On the impact of his death on those who frequented the dispensary, the Journal wrote: “In the humble abodes of the suffering poor of this large town, in the reception room of the dispensary where his benevolent smile was wont to greet them, his virtues are the theme of daily praise, and his death the subject of deep and lasting sorrow.”

Robert Kearns, the chair and founder of the Ireland Park Foundation that created Dr Grasett Park, says they could find no evidence that the doctor had ever been paid for his work.

“He could have looked up a different street and expanded his practice in medicine to all the smart drawing rooms of the city, but instead he said, ‘no, I think it is important to help these people’. It is an extraordinary story,” he said.

“Why is it important? You have both traditions on the island of Ireland coming to the help of people, both Catholic and Protestant, English-speaking and Gaelic-speaking and helping people regardless of their political persuasion, their religious views and at risk of their own lives. It was an incredibly courageous thing to do.”

Tsunami of misery

Emigrants who were obviously ill were housed first in sheds at the wharf, and later, once the General Hospital had been repurposed, at the Emigrant Hospital. As the summer progressed, and the cases of typhus among arriving emigrants increased, measures were introduced to prevent the spread of disease to the general city population.

All steamers carrying emigrants to Rees Wharf in Toronto were confined in an effort to more tightly control the arrivals and movements of emigrants. Once triaged, sick emigrants were forbidden to move beyond the reception sheds or the hospital, and once discharged they were forbidden from begging in city streets.

Torontonians in the business of renting rooms were required to report signs of illness in their emigrant lodgers and risked conviction if they failed to do so.

Dr Grasett was not the only medic to die in the services of the Irish poor that summer. Many other doctors and nurses perished as they sought to deal with a tsunami of misery from Ireland.

Supervising it all was Edward McElderry, a native of Toronto, and a merchant in the town. He took the position of emigrant agent in 1846. His job was to accommodate the healthy Irish emigrants and keep the sick ones away from the rest of the population.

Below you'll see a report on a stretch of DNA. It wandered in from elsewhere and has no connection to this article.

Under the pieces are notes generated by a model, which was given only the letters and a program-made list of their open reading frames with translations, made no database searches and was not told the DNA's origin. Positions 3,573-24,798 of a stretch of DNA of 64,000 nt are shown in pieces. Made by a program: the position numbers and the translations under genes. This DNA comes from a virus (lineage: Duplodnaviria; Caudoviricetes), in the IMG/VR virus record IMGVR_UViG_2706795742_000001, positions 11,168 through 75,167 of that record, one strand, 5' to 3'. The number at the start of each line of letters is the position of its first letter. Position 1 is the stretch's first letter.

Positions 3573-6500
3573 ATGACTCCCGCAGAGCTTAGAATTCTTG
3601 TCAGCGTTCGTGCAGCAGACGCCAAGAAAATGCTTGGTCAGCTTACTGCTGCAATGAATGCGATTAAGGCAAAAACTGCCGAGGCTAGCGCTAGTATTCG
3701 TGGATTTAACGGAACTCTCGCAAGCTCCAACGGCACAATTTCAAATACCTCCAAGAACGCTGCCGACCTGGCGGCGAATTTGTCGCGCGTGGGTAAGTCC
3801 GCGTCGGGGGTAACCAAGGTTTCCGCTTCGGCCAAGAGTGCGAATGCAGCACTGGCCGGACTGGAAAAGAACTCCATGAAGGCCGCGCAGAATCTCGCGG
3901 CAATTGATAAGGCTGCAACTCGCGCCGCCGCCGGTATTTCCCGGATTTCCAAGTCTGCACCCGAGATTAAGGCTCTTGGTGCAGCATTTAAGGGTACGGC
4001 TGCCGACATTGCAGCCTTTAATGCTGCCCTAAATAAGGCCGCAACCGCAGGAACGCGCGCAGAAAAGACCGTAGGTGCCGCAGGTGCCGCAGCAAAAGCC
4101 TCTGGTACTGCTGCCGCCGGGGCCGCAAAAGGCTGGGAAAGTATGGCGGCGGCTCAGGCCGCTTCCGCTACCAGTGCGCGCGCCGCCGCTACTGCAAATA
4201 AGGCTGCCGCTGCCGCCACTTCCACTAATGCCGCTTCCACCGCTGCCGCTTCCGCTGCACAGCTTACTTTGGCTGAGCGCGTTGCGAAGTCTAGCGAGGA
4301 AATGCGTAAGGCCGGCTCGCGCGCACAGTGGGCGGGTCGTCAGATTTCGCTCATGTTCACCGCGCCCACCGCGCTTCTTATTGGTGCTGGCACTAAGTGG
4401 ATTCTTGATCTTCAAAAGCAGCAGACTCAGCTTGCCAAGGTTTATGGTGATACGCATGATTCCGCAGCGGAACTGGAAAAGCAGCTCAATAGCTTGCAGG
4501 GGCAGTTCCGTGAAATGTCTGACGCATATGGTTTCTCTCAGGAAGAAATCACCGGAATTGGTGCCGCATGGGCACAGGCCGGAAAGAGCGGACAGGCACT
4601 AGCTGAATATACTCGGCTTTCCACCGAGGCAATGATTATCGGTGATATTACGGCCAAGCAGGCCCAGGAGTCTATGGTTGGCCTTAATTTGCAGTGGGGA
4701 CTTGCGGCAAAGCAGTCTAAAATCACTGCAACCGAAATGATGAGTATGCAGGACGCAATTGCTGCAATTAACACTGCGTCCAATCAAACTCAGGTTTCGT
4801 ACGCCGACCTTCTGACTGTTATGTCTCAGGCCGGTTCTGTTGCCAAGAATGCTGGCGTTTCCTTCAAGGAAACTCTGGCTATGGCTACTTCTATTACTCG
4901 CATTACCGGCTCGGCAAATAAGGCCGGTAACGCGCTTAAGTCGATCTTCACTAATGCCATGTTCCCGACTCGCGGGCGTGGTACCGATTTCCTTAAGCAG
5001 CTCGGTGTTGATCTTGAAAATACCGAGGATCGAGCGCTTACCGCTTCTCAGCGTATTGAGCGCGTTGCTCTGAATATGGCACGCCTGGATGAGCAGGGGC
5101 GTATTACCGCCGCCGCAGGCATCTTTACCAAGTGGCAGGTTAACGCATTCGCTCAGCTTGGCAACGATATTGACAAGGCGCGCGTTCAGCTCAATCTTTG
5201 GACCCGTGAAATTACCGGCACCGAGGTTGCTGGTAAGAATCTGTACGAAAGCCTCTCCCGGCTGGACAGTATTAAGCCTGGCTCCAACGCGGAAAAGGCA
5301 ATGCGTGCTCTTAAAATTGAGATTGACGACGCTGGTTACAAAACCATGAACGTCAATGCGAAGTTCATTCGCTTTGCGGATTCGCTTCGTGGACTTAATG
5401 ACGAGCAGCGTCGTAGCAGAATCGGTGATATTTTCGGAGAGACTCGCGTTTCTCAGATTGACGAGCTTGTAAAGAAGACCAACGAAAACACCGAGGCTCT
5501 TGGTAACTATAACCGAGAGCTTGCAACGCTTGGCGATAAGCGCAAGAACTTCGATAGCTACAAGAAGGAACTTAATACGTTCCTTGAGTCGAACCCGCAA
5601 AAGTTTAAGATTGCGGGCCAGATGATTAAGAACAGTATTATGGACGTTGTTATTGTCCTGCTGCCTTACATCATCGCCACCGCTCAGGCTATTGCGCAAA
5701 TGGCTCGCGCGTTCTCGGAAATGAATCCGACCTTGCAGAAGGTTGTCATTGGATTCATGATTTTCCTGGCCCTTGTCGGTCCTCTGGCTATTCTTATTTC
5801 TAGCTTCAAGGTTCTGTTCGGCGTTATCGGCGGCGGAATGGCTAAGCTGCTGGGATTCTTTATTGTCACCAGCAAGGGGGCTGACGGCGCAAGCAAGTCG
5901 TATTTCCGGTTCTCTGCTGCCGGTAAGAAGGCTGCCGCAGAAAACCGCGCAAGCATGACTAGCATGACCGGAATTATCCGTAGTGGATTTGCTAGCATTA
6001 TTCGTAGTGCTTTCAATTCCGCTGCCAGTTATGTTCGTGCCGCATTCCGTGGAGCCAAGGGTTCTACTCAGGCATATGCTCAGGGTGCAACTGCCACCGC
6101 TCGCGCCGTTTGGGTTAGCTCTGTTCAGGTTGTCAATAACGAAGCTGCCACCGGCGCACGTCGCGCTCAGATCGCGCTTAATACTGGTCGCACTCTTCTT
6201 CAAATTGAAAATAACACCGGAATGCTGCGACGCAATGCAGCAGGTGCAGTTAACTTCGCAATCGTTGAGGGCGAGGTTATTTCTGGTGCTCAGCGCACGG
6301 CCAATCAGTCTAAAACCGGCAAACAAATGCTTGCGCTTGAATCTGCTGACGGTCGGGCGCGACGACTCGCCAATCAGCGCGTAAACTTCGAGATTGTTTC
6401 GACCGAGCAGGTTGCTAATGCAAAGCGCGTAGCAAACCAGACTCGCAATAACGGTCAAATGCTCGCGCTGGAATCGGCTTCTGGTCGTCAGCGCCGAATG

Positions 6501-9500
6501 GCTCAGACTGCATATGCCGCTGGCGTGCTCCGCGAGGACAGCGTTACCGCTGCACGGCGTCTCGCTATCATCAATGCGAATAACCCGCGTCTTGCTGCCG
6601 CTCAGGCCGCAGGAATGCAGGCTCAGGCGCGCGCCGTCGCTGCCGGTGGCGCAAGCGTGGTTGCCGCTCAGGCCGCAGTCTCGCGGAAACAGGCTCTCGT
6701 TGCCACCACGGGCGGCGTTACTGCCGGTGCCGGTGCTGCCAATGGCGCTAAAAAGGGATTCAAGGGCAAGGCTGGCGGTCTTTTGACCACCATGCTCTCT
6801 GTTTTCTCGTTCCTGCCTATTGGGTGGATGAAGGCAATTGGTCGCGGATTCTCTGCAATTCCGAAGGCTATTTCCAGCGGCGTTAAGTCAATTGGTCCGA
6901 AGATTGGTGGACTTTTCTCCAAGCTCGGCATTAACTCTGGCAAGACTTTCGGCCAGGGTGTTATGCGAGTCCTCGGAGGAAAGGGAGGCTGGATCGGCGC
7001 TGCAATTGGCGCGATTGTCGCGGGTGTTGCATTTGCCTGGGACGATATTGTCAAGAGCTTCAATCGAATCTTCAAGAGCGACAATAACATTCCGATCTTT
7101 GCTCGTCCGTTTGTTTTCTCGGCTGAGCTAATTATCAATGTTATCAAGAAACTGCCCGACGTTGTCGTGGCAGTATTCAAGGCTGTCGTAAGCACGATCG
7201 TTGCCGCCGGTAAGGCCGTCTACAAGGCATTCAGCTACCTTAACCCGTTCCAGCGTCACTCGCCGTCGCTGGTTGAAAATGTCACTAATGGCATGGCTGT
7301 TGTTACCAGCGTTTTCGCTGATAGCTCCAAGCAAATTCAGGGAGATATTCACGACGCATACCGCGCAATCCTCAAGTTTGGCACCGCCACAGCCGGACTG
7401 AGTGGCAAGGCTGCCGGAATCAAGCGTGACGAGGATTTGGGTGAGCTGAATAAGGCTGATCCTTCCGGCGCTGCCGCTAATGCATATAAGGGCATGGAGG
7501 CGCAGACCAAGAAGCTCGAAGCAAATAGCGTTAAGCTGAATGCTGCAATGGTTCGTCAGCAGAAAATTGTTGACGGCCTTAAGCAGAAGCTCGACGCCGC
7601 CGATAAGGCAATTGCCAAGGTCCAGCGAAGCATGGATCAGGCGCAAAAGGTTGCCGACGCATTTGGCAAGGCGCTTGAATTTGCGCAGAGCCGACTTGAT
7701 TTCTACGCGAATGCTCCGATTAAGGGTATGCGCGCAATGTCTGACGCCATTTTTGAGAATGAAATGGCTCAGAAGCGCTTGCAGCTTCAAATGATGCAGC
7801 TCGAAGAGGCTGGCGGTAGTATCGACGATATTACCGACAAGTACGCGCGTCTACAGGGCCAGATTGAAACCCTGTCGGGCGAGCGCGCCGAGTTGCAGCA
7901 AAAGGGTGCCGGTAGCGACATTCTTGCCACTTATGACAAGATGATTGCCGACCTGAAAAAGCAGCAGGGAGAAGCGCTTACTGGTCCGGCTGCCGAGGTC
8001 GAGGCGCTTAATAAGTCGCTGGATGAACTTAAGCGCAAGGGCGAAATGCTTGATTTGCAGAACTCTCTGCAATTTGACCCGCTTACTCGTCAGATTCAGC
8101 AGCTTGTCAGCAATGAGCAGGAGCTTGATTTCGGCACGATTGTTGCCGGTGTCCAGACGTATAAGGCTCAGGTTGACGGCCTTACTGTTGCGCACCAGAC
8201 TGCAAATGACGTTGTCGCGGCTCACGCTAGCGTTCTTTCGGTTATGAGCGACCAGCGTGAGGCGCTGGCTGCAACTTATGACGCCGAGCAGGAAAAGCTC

He died from dysentery, another infectious disease common in famine immigrants, in October 1847. At the time his wife Roseanna was pregnant with their sixth child.

Dr Joseph Hamilton, an English-born doctor, died of typhus on November 15th 1847 after tending to sick Irish immigrants in the fever sheds.

A third medic who died was the head nurse of the Emigrant Hospital Susan Bailey. Her burial record lists her as having died of “fever”. Her occupation and marital status indicate that Bailey was most certainly working-class and probably poor.

Nursing in Canada in this period was not a trained or professional occupation. The majority of nurses in the province’s hospitals were unskilled and illiterate and consequently they were poorly paid.

The wages of a nurse were insufficient to support a single woman, and as such, like Bailey, most nurses were married women.

Three nurses who died were Irish (Sarah Jane Sherwood, Sarah Duggan and Catherine Doherty); two (Anne Slocumb and William Harrison), were English and two orderlies, John McNabb and Richard Jones, both teenagers, died within a day of each other in August 1847 all from the “fever” - typhus.

Bishop Michael Power, the son of emigrants from Waterford who was appointed as the first Roman Catholic Bishop of Toronto in 1842, contracted typhus amid his twice-daily visits to the fever sheds to tend to the sick and dying Irish migrants.

His funeral, attended by both Catholics and Protestants alike, was the largest in the city’s history to that point.

‘Best of humanity’

Those who came to the aid of the starving Irish poor were remembered when Dr Grasett Park was officially opened in the city on July 16th. It is located on the site where Toronto’s first purpose-built general hospital was built.

The project has been in the planning since 2008 when the Canada Ireland Foundation acquired the land with the purpose of creating a park. The events of the past 15 months have given it a contemporary resonance.

The city made world headlines in 2003 as it was the hardest-hit place in the world outside Asia for the Sars epidemic, but the numbers involved – 438 suspected cases and 44 deaths – were tiny in comparison with the 185 million cases worldwide and four million deaths from Covid-19.

Among those who have died in the latest pandemic have been thousands of doctors and nurses who took many of the same risks as Dr Grasett did 174 years ago.

Dr Grasett Park was opened yesterday on the anniversary of his death. “The 16th of July would be a great day to name healthcare workers day. If that happened in Ireland and Canada it would be pretty special,” said Kearns, an Irish emigrant who has been living in Toronto since 1979.

“We hope visitors will learn from the sacrifices of these individuals, not just as a retelling of history, but as a demonstration of the foundations of the best of humanity in a park honouring the courage of all frontline heroes everywhere.

“We have memorials to soldiers, sailors and airmen, but precious few to doctors, nurses and hospital orderlies. This memorial will speak to the incredible courage showed by healthcare workers who treated patients during the Covid-19 pandemic.”